Qin Xi joined PCU in summer 2022 to study for her PhD. Her research is on the economic evaluation of predictive genetic testing.
From Beijing to Yale
I have been interested in health care since I did my Bachelor’s thesis, which was on China’s public and private health insurance market. My B.A was in economics at Peking University.
Then I studied epidemiology at Yale for my M.S. And during my Masters study, I worked as a research assistant for several projects.
Accidentally, I started to do simulation modeling as part of the work and found it a fascinating methodology for expressing ideas on topics of my interest.
Another chance led me to health economics, especially studies involving cost-effectiveness analysis – I found it a perfect way to combine my interest in economics and health policy as well as methodological and technical aspects.
It also provides some of the career options that I find myself very interested in – both research work in academia and more practical work in industry. Then it became a natural choice to conduct further study in this field.
Selecting a PhD topic at PCU
When I came to PCU, I first wanted to do some topic related to cancer and talked to my supervisor – Professor Stephen Morris. Steve encouraged me to dig deeper and provided me with several potential directions of interest.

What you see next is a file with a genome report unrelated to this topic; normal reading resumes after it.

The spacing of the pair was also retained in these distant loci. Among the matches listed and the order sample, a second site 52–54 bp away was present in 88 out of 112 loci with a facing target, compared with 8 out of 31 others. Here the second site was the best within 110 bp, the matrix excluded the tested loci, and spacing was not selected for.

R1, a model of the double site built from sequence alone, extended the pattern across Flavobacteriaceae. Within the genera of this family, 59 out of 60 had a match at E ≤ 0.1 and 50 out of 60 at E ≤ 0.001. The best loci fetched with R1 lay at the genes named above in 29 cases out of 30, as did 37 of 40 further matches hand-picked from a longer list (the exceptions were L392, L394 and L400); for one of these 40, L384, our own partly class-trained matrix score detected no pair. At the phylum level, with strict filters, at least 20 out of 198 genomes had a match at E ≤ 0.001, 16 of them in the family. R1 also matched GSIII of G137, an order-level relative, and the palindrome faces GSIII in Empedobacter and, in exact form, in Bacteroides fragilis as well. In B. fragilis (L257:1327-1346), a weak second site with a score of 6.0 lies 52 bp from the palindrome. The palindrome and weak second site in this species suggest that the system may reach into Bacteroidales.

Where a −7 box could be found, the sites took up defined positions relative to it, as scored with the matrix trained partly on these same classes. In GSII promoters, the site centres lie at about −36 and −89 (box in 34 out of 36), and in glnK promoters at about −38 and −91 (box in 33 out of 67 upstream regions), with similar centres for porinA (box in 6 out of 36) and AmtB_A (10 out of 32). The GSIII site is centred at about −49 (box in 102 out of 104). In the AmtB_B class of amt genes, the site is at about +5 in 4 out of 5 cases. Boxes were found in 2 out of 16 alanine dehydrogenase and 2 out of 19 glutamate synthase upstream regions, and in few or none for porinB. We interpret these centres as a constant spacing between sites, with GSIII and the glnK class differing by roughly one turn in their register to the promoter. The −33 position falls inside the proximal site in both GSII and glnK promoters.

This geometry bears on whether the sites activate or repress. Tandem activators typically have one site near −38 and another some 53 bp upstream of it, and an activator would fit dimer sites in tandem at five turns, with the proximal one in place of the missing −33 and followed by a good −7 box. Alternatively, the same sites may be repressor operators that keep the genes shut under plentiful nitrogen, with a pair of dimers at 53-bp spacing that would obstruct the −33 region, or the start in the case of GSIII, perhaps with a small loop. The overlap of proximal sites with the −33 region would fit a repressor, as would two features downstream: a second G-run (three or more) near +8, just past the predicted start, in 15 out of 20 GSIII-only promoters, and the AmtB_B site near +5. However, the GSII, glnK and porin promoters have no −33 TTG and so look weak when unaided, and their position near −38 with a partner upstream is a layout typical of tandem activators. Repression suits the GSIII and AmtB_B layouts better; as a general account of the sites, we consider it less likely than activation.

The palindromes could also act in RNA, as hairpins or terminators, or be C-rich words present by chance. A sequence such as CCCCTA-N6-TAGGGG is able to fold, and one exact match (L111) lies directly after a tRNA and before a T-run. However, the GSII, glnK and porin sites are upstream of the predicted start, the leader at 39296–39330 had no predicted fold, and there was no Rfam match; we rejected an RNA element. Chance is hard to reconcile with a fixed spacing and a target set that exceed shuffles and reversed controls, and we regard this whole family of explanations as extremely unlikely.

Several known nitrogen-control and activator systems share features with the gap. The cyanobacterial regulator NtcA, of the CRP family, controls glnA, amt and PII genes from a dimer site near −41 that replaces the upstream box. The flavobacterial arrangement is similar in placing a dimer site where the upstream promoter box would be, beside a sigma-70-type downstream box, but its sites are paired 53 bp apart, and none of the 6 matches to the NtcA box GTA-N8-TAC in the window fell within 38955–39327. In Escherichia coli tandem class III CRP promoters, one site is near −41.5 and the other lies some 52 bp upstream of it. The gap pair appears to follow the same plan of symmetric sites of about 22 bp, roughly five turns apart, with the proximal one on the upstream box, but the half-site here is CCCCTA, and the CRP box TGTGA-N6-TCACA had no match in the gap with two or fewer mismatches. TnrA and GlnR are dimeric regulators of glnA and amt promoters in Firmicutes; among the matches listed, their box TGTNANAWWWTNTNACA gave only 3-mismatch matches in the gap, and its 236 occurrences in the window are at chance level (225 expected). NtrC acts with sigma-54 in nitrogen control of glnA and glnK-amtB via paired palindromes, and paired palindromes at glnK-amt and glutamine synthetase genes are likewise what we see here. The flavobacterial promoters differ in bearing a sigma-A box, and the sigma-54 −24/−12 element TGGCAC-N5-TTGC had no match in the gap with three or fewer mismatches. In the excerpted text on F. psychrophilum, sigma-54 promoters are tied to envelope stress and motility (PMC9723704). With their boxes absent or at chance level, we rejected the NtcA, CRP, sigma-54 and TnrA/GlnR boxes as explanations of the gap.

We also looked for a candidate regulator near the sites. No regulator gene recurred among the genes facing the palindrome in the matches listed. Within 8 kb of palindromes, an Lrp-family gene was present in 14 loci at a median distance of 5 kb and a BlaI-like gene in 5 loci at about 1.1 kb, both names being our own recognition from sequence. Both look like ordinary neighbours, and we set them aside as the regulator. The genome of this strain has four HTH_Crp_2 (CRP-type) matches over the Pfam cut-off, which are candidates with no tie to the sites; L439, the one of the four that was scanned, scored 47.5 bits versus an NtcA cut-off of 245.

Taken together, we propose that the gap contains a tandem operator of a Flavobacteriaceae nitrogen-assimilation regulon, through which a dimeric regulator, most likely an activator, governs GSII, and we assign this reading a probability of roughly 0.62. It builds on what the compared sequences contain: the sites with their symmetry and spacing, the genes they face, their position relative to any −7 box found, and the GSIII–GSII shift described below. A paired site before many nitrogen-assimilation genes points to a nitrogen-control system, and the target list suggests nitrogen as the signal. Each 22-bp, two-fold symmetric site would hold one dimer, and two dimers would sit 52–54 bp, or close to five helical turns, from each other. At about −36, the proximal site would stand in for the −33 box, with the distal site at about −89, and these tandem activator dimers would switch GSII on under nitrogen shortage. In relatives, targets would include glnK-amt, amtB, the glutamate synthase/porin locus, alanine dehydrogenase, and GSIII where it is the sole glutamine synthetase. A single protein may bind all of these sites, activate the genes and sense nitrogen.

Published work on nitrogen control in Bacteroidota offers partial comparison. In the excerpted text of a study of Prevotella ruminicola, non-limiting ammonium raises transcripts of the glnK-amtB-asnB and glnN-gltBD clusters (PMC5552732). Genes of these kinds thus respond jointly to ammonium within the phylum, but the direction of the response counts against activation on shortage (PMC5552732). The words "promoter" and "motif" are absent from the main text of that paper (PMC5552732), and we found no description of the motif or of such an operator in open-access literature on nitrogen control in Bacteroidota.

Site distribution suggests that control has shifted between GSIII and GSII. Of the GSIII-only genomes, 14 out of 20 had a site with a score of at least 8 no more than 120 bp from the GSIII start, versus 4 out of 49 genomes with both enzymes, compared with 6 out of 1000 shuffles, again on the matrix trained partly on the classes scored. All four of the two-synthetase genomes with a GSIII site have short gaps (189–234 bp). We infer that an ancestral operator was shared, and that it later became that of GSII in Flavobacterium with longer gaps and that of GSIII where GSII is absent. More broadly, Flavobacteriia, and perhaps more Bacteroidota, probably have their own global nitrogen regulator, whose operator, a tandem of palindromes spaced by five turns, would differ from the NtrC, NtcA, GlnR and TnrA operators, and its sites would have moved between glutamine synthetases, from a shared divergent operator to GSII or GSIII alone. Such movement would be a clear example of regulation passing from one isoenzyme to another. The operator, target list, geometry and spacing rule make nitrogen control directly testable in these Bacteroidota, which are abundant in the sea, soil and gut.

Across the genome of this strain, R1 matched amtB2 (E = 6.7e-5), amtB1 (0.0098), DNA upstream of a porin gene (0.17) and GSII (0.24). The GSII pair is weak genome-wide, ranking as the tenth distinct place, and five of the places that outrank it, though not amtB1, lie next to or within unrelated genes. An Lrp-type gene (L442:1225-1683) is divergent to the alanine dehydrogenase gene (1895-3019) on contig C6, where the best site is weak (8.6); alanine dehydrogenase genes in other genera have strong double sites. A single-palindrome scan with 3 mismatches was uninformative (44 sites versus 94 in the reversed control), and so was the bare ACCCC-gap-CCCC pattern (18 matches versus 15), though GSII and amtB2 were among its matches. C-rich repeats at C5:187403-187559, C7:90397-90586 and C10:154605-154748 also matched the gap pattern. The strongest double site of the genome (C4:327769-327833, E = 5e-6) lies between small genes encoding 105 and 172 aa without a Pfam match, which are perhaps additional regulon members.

I found predictive genetic testing to be the most intriguing – how the genes we carried with us since birth influence our entire life, and how do human efforts reverse some unfavorable traits?
I think economists think on a ‘macro’ basis, and geneticists on a more ‘micro’ basis. Such different perspectives are interesting to me and inspired my own way of thinking, both in and out of the scope of academic research”.
I was a little ‘scared’ when I first travelled across the oceans (first the Pacific and now the Atlantic) and settled down in a new country. Cultural transitions were especially hard at first – people communicate in such different ways – even email greetings are different!!
However, it became better with all the friendly people around me. They are willing to help and welcoming.
I realized that communication is not difficult with sincerity – people may talk, behave and interact in different ways, but as long as we talk as openly as possible and with an attitude of mutual trust and understanding, cultural difference is not a big issue.
Life outside work
I like to travel – as a railway and aviation enthusiast. Another thing I enjoy doing in my spare time is reading detective novels – I’m a huge fan of Agatha Christie. Recently I’ve started to learn Japanese and enjoyed it very much.
Personally, I would be very interested to research the economics of pharmacogenetics, especially its application in mental health. I would also be interested in the economics of rare diseases, like Pompe disease, for example. I worked in a group on rare disease care when I interned at Sanofi. I’m keen to know how people address this topic in academia.